Why dogs are more loyal than cats

The reason why dogs are more loyal to their human owners than cats has got nothing to do with dogs being nicer, or more or less intelligent, or any other claptrap like that.

It all boils down to the fact that dogs are pack animals. In nature, they would be part of a family group, led by an alpha male. Over time, however, some dogs learned that it was easier to scrounge food from human settlements than it was to find it in the wild. They also learnt that if they acted cute, humans would give them food and maybe also a warm place to lie.

Dogs have moved from living in the wild to living with humans. Their basic need to be part of a pack and for there to be a clearly defined pecking order within the pack has, however, not changed. They are therefore loyal to their family unit (their pack) and in particular to their owner (pack leader). They will act very differently towards other humans (e.g. postmen!) just as dogs in the wild would act very differently towards dogs from another pack.

Cats on the other hand are (perhaps with the exception of lions) more solitary creatures. In the wild, they tend to only socialise with other cats when they are very young (mother/kitten relationship) or when they are looking for a mate. It has, therefore, been more of a step change for cats to accept the idea of living with humans.

Alongside the basic differences in nature between cats and dogs, we also have to consider the impact of selective breeding. If we go away back to the very first dogs and cats that got taken into human settlements, they were accepted at first because they were useful (good at killing rats, etc) and then because they were deemed cute. Those that were most useful and/or most cute were more successful in being accepted by humans. Over time, cuteness and suitability as a pet have become the main factors. The dogs that we now have as pets are the descendants of those early dogs who were the best behaved and most cute. With cats, the same process has occurred but we have perhaps always placed more of a premium on cuteness or usefulness with cats rather than loyalty.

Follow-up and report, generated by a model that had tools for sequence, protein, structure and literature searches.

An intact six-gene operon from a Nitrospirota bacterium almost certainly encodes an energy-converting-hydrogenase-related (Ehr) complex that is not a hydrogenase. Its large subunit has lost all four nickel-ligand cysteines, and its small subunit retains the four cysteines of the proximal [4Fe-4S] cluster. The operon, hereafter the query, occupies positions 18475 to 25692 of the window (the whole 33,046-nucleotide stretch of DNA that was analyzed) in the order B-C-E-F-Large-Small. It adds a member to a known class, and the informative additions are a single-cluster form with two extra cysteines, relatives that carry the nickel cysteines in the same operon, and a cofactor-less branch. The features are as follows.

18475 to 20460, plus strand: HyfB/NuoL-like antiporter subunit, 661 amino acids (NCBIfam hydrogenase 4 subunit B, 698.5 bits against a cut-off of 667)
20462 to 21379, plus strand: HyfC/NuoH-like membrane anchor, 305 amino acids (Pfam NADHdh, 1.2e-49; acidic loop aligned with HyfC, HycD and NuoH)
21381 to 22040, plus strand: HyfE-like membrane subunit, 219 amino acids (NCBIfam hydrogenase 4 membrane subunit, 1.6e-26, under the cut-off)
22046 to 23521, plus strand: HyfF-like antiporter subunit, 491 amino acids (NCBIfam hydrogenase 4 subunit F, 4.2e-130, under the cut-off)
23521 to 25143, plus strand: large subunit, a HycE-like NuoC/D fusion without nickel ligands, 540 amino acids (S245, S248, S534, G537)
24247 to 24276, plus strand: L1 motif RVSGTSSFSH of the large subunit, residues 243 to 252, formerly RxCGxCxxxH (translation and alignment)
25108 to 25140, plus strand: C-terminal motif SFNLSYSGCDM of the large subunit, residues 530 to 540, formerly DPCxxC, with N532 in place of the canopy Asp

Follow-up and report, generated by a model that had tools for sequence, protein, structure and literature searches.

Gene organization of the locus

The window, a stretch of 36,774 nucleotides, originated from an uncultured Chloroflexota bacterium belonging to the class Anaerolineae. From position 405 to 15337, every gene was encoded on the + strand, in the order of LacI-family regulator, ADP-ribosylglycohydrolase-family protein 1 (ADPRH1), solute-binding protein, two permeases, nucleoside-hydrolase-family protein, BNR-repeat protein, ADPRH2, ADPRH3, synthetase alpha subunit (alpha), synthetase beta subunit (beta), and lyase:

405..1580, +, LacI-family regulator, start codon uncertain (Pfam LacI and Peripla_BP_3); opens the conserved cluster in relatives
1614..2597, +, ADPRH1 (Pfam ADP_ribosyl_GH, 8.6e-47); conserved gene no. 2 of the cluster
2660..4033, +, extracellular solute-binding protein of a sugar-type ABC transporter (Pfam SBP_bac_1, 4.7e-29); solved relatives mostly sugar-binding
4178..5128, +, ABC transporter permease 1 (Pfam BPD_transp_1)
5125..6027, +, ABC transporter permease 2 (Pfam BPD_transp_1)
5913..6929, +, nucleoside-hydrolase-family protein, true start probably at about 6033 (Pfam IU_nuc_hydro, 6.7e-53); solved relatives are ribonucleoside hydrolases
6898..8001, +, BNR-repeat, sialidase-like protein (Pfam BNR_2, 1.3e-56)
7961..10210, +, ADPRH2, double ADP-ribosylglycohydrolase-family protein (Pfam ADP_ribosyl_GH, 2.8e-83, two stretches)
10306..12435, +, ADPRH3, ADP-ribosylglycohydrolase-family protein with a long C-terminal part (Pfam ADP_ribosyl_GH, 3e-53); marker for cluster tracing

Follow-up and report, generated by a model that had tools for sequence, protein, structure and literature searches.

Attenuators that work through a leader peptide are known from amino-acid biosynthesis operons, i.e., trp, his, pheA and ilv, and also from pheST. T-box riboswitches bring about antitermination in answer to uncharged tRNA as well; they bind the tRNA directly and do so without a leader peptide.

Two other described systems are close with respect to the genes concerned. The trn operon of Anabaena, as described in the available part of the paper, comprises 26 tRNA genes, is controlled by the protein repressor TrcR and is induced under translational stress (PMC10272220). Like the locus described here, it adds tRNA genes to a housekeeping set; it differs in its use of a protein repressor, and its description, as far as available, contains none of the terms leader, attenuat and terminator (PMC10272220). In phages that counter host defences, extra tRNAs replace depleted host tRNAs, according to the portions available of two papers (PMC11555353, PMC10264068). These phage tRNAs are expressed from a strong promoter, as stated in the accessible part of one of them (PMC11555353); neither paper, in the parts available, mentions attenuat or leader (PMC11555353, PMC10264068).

In summary, then, loyalty is a factor of the genetic makeup of dogs and cats. For your pet dog, you are its surrogate pack leader. It is loyal to you because it has genetic imprinting that tells it that it needs to be part of a pack, and that it needs to have its assigned place within the pack. Some of the people who have answered this question, seem to be saying that dogs are somehow better than cats and that’s why their more loyal. Or that dogs have some sense of loyalty in the way that we humans feel loyalty. It is a mistake, however, to ascribe human motivations to animal behaviour. That way lies the craziness of doggie weddings and knitted pooch sweaters!

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